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Atmospheric Chemistry and Physics An interactive open-access journal of the European Geosciences Union
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© Author(s) 2020. This work is distributed under
the Creative Commons Attribution 4.0 License.
© Author(s) 2020. This work is distributed under
the Creative Commons Attribution 4.0 License.

  14 Apr 2020

14 Apr 2020

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A revised version of this preprint is currently under review for the journal ACP.

Photooxidation of pinonaldehyde at ambient conditions investigated in the atmospheric simulation chamber SAPHIR

Michael Rolletter1, Marion Blocquet1,a, Martin Kaminski1,b, Birger Bohn1, Hans-Peter Dorn1, Andreas Hofzumahaus1, Frank Holland1, Xin Li1,c, Franz Rohrer1, Ralf Tillmann1, Robert Wegener1, Astrid Kiendler-Scharr1, Andreas Wahner1, and Hendrik Fuchs1 Michael Rolletter et al.
  • 1Institute of Energy and Climate Research, IEK-8: Troposphere, Forschungszentrum Jülich GmbH, Jülich, Germany
  • anow at: Ministère de l’Education Nationale et de la Jeunesse, 110 rue de Grenelle, 75357 Paris SP 07
  • bnow at: Federal Office of Consumer Protection and Food Safety, Department 5: Method Standardisation, Reference Laboratories, Resistance to Antibiotics, Berlin, Germany
  • cnow at: College of Environmental Sciences and Engineering, Peking University, Beijing, China

Abstract. The photooxidation of pinonaldehyde, one product of the α-pinene degradation, was investigated in the atmospheric simulation chamber SAPHIR under natural sunlight at low NO concentrations (< 0.2 ppbv) with and without an added hydroxyl radical (OH) scavenger. With scavenger, pinonaldehyde was exclusively removed by photolysis, whereas without scavenger, the degradation was dominated by reaction with OH. In both cases, the observed rate of pinonaldehyde consumption was faster than predicted by an explicit chemical model, the Master Chemical Mechanism (MCM version 3.3.1). In the case with OH scavenger, the observed photolytic decay can be reproduced by the model, if an experimentally determined photolysis frequency is used instead of the parameterization in the MCM. A good fit is obtained, when the photolysis frequency is calculated from the measured solar actinic flux spectrum, absorption cross-sections published by Hallquist et al. (1997), and an effective quantum yield of 0.9. The resulting photolysis frequency is 3.5 times faster than the parameterization in the MCM. When pinonaldehyde is mainly removed by reaction with OH, the observed OH and hydroperoxy radical (HO2) concentrations are underestimated in the model by a factor of 2. Using measured HO2 as a model constraint brings modeled and measured OH concentrations into agreement. This suggests that the chemical mechanism includes all relevant OH producing reactions, but is missing a source for HO2. The missing HO2 source strength of (0.8 to 1.5) ppbv h−1 is similar to the rate of the pinonaldehyde consumption of up to 2.5 ppbv h−1. When the model is constrained by HO2 concentrations and the experimentally derived photolysis frequency, the pinonaldehyde decay is well represented. The photolysis of pinonaldehyde yields 0.18 ± 0.20 formaldehyde molecules at NO concentrations of less than 200 pptv, but no significant acetone formation is observed. When pinonaldehyde is also oxidized by OH under low NO conditions (maximum 80 pptv), yields of acetone and formaldehyde increase over the course of the experiment from 0.2 to 0.3 and from 0.15 to 0.45, respectively. Fantechi et al. (2002) proposed a degradation mechanism based on quantum-chemical calculations, which is considerably more complex than the MCM scheme and contains additional reaction pathways and products. Implementing these modifications results in a closure of the model-measurement discrepancy for the products acetone and formaldehyde, when pinonaldehyde is degraded only by photolysis. In contrast, the underprediction of formed acetone and formaldehyde is worsened compared to model results by the MCM, when pinonaldehyde is mainly degraded in the reaction with OH. This shows that the current mechanisms lack acetone and formaldehyde sources for low NO conditions like in these experiments. Implementing the modifications suggested by Fantechi et al. (2002) does not improve the model-measurement agreement of OH and HO2.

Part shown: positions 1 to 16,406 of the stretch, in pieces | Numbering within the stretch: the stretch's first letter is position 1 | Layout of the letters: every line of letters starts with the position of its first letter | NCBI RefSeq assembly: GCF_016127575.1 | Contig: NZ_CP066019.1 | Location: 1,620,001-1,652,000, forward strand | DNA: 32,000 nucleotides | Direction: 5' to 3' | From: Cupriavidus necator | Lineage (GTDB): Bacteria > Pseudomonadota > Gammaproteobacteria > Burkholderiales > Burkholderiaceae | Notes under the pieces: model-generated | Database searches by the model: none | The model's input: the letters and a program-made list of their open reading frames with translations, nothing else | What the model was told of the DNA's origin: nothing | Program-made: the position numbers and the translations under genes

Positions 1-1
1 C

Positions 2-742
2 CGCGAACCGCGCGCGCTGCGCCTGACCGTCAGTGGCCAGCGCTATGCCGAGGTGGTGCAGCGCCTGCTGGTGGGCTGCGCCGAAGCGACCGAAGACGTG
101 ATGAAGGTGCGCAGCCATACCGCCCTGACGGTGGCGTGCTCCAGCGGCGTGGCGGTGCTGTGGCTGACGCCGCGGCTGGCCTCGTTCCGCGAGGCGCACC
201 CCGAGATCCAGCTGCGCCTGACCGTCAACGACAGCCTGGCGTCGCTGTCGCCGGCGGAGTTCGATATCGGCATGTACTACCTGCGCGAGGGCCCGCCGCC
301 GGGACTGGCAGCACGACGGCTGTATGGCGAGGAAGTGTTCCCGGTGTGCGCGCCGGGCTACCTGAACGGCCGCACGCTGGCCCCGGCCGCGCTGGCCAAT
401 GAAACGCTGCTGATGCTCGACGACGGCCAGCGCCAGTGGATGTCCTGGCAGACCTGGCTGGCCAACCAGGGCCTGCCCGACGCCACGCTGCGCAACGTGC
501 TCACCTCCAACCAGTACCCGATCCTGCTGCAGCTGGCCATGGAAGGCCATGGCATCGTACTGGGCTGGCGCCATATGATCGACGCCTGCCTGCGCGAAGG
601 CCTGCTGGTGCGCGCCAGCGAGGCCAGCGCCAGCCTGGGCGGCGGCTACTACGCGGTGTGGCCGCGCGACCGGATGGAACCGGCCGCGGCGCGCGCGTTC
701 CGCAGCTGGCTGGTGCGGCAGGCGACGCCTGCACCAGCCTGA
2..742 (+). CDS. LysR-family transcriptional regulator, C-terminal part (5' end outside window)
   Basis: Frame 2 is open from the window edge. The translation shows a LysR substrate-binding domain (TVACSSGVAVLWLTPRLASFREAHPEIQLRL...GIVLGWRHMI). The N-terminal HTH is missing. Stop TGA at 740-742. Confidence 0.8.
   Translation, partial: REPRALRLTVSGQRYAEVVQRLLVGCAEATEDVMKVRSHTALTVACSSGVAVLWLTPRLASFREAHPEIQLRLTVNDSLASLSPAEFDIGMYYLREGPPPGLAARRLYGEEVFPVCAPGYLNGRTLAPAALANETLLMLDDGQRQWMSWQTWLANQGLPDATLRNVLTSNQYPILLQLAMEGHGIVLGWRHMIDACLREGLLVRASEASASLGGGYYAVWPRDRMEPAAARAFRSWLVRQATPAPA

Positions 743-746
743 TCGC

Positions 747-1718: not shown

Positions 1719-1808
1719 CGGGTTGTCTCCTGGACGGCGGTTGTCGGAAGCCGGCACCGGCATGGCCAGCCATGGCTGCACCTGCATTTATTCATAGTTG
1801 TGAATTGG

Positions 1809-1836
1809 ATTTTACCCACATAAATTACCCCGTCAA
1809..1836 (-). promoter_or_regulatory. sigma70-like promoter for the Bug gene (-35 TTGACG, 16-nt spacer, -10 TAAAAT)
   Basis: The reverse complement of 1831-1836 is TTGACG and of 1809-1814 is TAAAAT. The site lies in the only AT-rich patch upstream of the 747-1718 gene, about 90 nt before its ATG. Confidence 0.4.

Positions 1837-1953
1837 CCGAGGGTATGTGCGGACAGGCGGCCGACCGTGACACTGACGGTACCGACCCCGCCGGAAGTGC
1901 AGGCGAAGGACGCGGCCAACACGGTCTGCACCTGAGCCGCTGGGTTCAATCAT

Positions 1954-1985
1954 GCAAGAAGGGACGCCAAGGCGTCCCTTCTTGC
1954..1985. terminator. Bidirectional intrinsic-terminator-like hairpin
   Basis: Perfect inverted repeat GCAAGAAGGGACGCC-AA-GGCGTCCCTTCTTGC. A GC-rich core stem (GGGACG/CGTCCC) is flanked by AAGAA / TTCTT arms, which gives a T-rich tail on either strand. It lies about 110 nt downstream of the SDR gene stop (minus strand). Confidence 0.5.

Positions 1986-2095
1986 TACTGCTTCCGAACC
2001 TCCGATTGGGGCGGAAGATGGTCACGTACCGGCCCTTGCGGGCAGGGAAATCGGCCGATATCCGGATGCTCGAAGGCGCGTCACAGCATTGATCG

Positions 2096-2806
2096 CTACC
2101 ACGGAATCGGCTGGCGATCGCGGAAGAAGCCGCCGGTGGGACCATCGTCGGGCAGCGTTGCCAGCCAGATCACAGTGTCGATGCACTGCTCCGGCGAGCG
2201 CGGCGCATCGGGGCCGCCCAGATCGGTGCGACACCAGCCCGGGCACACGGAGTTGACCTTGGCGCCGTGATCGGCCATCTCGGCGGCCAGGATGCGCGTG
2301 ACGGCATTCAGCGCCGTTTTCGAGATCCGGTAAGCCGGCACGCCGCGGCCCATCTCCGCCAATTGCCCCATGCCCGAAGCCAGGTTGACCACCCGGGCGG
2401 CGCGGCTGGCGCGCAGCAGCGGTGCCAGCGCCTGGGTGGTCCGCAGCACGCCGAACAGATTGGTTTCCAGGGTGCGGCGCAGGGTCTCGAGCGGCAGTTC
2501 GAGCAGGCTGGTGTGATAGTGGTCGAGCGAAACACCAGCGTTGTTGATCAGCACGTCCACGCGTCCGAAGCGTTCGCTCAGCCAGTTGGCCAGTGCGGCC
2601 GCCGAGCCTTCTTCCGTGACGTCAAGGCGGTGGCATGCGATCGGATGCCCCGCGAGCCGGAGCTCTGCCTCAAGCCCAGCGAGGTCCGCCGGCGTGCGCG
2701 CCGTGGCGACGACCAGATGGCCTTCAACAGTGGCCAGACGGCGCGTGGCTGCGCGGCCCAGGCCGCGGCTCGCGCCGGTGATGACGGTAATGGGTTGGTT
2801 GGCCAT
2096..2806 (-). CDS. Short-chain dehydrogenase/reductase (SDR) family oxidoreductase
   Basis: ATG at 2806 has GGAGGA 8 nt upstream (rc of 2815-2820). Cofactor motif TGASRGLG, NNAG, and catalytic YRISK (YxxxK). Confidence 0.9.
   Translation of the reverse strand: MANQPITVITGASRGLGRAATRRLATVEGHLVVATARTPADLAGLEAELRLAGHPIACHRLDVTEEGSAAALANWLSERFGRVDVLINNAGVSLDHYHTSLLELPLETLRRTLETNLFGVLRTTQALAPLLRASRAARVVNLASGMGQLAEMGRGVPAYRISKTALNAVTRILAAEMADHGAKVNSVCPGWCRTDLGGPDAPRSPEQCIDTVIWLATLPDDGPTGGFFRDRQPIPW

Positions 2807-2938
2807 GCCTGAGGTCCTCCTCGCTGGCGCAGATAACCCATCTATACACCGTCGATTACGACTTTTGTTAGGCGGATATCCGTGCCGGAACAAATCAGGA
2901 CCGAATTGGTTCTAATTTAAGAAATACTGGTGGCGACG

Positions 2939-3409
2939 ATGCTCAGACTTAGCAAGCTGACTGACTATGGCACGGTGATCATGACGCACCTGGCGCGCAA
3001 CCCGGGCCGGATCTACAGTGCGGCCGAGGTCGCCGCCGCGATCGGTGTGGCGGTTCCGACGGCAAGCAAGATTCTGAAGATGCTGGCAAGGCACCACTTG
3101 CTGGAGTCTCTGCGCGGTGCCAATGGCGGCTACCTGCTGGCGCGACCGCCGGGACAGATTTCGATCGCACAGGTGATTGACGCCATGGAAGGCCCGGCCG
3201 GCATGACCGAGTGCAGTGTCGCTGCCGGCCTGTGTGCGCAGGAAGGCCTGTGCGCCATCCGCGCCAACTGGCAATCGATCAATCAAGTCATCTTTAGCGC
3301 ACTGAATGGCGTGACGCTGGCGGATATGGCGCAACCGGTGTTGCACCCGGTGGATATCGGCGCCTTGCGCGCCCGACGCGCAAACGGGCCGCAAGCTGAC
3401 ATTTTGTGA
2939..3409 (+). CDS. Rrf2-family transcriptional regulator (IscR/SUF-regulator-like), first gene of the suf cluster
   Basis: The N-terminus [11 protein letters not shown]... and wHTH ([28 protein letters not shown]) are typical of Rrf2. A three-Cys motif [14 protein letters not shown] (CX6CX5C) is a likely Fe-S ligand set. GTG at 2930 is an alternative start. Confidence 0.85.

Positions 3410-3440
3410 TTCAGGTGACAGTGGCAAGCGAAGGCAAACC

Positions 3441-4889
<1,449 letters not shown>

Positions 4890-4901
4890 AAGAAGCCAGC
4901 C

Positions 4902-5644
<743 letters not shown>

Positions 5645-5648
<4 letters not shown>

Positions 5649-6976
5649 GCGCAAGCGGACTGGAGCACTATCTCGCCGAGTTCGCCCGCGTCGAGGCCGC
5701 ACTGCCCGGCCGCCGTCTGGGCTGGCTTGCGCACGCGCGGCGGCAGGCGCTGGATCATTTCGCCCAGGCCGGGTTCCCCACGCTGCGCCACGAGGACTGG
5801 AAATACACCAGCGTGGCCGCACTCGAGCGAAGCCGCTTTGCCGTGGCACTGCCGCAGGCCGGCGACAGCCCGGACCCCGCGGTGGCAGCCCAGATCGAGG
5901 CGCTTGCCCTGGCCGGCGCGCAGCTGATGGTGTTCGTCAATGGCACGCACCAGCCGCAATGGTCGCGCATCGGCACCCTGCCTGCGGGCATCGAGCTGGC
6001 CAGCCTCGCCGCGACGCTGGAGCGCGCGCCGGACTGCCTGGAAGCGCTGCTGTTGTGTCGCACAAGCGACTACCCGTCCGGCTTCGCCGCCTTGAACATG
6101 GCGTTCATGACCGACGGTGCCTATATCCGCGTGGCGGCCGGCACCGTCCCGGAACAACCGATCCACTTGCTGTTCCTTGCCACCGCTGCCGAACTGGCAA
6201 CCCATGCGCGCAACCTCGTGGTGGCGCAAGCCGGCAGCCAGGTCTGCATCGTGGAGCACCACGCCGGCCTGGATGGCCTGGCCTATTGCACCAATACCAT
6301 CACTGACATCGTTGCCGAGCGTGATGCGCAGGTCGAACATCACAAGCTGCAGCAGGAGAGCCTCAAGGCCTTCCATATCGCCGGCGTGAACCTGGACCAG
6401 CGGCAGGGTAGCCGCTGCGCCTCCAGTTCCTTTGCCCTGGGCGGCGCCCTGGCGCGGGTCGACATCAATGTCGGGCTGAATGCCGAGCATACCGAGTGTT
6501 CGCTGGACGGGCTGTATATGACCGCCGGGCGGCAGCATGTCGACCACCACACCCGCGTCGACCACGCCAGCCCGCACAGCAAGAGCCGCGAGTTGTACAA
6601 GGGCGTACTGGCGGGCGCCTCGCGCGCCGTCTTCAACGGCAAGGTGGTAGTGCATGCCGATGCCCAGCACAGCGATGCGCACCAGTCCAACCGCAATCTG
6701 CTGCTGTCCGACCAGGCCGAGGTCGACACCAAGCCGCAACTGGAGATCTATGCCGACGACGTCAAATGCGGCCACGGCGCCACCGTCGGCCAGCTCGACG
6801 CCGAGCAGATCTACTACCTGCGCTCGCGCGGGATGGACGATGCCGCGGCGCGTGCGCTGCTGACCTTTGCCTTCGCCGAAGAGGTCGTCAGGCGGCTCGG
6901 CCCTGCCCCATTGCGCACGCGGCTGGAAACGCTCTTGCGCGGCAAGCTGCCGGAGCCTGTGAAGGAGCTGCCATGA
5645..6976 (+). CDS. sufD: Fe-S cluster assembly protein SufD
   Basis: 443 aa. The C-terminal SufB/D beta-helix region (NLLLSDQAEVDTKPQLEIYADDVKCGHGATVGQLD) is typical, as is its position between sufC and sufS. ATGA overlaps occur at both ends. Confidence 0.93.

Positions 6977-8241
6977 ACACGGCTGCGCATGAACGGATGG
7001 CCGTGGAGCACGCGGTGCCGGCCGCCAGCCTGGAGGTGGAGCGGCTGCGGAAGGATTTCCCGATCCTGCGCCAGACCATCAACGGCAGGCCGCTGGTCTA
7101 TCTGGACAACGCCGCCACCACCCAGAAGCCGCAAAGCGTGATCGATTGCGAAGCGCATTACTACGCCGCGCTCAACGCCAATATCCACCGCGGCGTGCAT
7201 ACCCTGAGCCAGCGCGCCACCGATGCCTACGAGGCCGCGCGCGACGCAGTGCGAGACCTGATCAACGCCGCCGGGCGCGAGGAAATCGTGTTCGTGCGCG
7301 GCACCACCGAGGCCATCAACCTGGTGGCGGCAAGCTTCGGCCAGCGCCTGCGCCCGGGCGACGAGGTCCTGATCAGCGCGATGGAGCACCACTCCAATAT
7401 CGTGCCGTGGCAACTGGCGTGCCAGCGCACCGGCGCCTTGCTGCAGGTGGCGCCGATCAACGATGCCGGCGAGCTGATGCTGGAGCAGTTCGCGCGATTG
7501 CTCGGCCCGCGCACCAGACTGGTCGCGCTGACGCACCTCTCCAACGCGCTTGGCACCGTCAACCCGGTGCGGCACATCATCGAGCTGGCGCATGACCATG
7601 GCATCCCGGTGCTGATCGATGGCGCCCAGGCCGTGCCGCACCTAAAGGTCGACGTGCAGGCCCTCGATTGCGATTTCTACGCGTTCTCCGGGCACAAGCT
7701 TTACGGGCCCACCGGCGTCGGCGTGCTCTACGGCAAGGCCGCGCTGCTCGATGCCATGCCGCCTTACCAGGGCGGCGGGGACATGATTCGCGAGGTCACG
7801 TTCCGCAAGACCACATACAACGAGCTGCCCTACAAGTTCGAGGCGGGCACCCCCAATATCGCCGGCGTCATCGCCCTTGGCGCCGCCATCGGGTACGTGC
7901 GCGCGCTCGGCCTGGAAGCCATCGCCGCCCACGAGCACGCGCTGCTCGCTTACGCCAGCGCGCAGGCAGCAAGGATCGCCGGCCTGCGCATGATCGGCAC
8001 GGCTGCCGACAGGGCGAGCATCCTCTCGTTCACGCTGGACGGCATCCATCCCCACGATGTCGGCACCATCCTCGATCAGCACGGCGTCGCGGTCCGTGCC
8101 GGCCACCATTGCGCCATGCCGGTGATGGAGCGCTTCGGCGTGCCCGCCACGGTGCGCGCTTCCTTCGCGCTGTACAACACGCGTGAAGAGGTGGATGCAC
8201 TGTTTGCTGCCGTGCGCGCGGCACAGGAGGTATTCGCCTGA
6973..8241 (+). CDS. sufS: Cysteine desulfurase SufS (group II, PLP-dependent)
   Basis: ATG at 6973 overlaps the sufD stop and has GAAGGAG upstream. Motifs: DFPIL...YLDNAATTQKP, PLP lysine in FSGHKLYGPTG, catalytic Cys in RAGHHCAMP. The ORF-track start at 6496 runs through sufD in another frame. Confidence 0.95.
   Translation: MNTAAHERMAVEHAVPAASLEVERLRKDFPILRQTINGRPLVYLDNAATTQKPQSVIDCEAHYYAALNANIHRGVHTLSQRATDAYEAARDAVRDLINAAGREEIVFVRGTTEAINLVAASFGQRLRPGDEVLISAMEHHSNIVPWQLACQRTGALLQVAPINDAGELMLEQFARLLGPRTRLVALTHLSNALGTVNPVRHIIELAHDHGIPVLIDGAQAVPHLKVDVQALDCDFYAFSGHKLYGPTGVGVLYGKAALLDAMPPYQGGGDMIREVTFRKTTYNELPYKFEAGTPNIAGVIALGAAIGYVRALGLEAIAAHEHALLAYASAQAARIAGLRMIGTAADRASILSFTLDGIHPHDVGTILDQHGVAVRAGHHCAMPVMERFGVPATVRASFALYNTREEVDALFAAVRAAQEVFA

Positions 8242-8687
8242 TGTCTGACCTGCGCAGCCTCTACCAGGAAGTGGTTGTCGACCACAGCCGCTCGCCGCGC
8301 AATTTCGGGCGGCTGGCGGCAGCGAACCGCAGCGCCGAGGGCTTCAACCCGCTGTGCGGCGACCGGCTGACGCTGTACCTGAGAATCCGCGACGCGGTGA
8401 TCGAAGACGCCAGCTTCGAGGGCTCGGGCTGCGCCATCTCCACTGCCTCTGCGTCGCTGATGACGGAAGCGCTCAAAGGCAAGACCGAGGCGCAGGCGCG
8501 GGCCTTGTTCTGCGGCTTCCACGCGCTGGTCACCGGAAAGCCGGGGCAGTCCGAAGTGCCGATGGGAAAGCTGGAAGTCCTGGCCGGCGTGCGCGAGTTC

Michael Rolletter et al.

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Michael Rolletter et al.

Michael Rolletter et al.


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Short summary
The photooxidation of pinonaldehyde is investigated in a chamber study under natural sunlight and low NO conditions with and without an added hydroxyl radical (OH) scavenger. The experimentally determined pinonaldehyde photolysis frequency is faster by a factor of 3.5 than currently used parameterizations in atmospheric models. Yields of degradation products are measured in the presence and absence of OH. Measurements are compared to current atmospheric models and a theory-based mechanism.
The photooxidation of pinonaldehyde is investigated in a chamber study under natural sunlight...